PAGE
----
Clarksons, the world’s biggest ship broker and shipping services company, boosted first half pre-tax profit 49 percent, driven by a recovery in shipping markets as a result of increased international trade flows.
Profit rose to $25.9 million in the six months to June 30 from $17.5 million in the year earlier period on a 14 percent rise in revenue to $156.6 million.
“Uncertainty remains as to the speed and sustainability of global economic and trade growth,” said chief executive Andi Case.
By The Numbers: U.S. Foreign Trade.
“Nevertheless Clarksons has produced a strong set of results, ahead of the board’s expectations, for the first six months.”
Clarksons’ core shipbroking business boosted profit to $32 million from $22.3 million as dry bulk markets performed better than anticipated.
Confidence started to return to the ship sale and purchase markets, resulting in higher prices across shipping sectors as buying activity increased.
“This was despite the continued reluctance of traditional shipping banks to undertake new projects as new sources of finance, principally from private equity and the U.S. investor market, were willing to step in and replace them,” Clarksons said.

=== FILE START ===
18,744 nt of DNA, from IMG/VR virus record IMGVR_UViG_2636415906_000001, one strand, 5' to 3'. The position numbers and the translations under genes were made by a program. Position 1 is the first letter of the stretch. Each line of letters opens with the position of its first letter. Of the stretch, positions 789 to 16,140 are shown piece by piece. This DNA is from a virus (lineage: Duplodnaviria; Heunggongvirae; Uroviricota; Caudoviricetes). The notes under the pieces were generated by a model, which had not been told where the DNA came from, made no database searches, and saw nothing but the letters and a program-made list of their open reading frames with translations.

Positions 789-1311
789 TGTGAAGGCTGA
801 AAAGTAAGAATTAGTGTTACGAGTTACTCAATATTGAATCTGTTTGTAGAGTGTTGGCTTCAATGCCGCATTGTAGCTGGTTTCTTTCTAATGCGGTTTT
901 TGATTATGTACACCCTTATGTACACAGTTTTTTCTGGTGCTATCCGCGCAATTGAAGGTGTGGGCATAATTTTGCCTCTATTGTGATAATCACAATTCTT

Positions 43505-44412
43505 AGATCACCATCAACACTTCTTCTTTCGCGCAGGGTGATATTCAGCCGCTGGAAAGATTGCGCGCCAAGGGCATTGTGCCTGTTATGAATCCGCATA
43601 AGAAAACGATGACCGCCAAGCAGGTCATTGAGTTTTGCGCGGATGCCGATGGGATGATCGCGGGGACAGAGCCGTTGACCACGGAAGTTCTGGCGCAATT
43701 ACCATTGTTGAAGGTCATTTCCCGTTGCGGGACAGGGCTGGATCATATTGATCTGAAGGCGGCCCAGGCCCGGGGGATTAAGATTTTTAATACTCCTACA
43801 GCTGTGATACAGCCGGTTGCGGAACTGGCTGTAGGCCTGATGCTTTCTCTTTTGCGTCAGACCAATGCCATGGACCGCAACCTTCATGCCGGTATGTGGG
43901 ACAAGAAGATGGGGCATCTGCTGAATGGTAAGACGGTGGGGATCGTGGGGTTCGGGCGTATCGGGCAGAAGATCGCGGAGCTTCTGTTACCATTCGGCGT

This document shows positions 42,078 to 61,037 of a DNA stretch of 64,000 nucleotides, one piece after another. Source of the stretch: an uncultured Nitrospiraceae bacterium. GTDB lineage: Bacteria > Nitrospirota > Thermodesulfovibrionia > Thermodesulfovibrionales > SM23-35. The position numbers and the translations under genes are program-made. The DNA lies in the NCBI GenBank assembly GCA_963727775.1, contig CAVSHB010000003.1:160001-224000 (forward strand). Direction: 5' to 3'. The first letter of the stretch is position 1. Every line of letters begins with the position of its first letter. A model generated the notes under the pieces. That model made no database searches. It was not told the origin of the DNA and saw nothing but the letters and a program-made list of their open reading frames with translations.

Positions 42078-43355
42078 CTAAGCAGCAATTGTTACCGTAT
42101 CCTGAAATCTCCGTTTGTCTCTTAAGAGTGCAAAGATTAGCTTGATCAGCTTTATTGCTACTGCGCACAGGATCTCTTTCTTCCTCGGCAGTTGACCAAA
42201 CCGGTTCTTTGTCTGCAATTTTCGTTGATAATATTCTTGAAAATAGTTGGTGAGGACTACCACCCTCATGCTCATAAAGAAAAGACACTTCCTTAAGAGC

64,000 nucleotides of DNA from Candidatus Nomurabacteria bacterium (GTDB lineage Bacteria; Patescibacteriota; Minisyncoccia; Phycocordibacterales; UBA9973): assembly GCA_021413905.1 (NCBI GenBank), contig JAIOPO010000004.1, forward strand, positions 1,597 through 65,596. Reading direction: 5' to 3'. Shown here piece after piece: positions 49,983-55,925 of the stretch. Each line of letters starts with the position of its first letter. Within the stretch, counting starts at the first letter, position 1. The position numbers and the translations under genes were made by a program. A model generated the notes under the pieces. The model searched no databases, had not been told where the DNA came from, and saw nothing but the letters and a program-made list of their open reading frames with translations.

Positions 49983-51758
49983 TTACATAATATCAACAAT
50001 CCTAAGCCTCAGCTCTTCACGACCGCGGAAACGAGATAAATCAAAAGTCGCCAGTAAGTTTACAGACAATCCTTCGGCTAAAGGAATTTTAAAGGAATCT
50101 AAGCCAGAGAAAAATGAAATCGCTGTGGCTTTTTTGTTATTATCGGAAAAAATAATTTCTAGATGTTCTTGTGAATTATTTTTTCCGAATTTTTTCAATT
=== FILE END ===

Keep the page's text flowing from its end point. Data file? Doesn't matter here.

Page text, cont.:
The container ship charter market benefited from increased carrier demand for tonnage in response to positive growth on most routes, especially out of and within Asia.
On average, across a selection of ship sizes, one year container ship charter rates were up by over 80 percent across the first half of 2010 from the historical lows at the end of 2009.
Container ship second hand prices also benefited, with 10 year old vessels fetching almost 60 percent more in the second half of the year.
“Global container trade growth is projected to reach between 9 percent and 10 percent for the full year 2010 with the fundamentals for the sector looking likely to sustain improvements on last year,” Clarksons said.
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